Somewhere between 30-40% of food produced is wasted. Just take a moment with that one. 30-40% of food is wasted + there are still hungry people in this world...in this country...in my city. Some food waste happens at the farm, because "ugly" or irregular fruits + vegetables don't sell. Some food waste happens at grocery stores + restaurants because of expiration dates + excess. Normalizing imperfect looking foods + making sure excess food gets into the hands of those who need it is an incredibly important part of reducing food waste, but right now I'd like us to focus on reducing our own food waste.
Finding our "enough" when it comes to food will help us reduce our food waste. Let's experiment toward figuring out our personal "enough" when it comes to food.
Step 1 ::
Let's explore our thoughts + feelings + experiences with food. This is a big topic + we could explore weight, history with abundance vs. scarcity, how we view food (comfort, sustenance, pleasure, chore, discomfort, etc.), etc. What comes to mind for you? You might want to ask the others with whom you share food for their thoughts + feelings as well.
Our intentions can guide us forward. What are we moving toward? What do we want our (+ our family's) experiences with food to involve, promote, be?
Just as an example, I think of whole foods, nourishing my family, gathering, pleasure, health, love, local, seasonal, organic, garden, zero-waste...
Step 2 ::
Let's think through what an appropriate amount of food might be. I'd imagine you have some feelings about whether you tend toward having too much or too little in your home. Also consider how often you want to shop? How much space do you have for food storage? Do you preserve food? How many do you cook for? How often will you pick up food from a restaurant?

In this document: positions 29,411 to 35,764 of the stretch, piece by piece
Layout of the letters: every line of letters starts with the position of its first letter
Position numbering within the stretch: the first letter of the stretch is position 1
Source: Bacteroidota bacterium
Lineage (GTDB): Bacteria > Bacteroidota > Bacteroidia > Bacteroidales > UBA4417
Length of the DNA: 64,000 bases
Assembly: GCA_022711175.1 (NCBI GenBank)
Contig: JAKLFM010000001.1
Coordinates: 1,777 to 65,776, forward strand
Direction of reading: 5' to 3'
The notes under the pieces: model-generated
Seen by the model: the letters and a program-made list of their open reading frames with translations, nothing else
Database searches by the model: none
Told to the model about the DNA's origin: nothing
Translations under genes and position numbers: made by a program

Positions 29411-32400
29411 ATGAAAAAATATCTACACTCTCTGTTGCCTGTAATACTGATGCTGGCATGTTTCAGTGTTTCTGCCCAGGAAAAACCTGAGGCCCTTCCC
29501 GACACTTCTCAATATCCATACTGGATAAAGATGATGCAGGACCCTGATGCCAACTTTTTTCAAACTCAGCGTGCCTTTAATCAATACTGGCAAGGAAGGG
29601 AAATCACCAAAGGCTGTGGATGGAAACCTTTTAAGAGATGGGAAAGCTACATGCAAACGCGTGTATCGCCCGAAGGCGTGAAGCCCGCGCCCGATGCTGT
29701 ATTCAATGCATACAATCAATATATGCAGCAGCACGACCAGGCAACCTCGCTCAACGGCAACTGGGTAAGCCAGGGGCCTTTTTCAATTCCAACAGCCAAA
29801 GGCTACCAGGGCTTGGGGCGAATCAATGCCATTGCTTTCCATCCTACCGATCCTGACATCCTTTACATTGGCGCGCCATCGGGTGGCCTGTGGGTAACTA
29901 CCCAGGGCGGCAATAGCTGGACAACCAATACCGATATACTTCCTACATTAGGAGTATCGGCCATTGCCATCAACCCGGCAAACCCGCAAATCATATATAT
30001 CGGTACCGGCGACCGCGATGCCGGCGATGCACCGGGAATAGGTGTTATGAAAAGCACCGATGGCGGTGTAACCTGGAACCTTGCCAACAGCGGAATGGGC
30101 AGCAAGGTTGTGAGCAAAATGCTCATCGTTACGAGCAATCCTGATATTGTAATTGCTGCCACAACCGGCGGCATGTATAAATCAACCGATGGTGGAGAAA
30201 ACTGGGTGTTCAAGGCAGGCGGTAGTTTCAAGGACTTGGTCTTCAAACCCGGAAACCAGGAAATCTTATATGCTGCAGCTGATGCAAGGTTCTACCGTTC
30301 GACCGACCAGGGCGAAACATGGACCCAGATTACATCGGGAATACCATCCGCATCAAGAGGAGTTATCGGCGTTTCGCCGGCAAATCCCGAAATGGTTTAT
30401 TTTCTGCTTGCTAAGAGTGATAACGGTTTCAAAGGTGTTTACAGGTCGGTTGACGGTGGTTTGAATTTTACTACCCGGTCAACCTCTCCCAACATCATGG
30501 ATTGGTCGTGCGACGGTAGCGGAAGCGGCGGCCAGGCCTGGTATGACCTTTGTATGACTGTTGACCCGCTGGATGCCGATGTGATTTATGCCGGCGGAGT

We may want to address our feelings of anxiety + fear of scarcity vs. trust that there will be enough at this point. I feel like trust is good for my soul, my sense of well-being + my peace of mind. But I also remember the specific moment in March when I noticed that the checkout lanes in Target were overflowing with people + their full carts. It was those full carts that made me feel like I was competing for a finite amount of stuff. If they were stocking up on toilet paper, I felt like I had no choice to buy a few extra rolls in order to have any at all. I also felt like I should buy some extra cans of soup in case we were all sick at once + couldn't leave the house.
Now some time has passed, and we have a little perspective. What did you learn? Does your stockpile have expiration dates? (If you need a go-bag or choose to keep a buffer, be sure to set reminders on your calendar to rotate items in + out before the expiration dates come...so that you can use things up.)
We've had enough time now in pandemic times to take note of how much food we need to prepare meals at home day by day + week by week. If we haven't tuned in to this or been intentional about what we would like to be eating, now might be the perfect time. ;)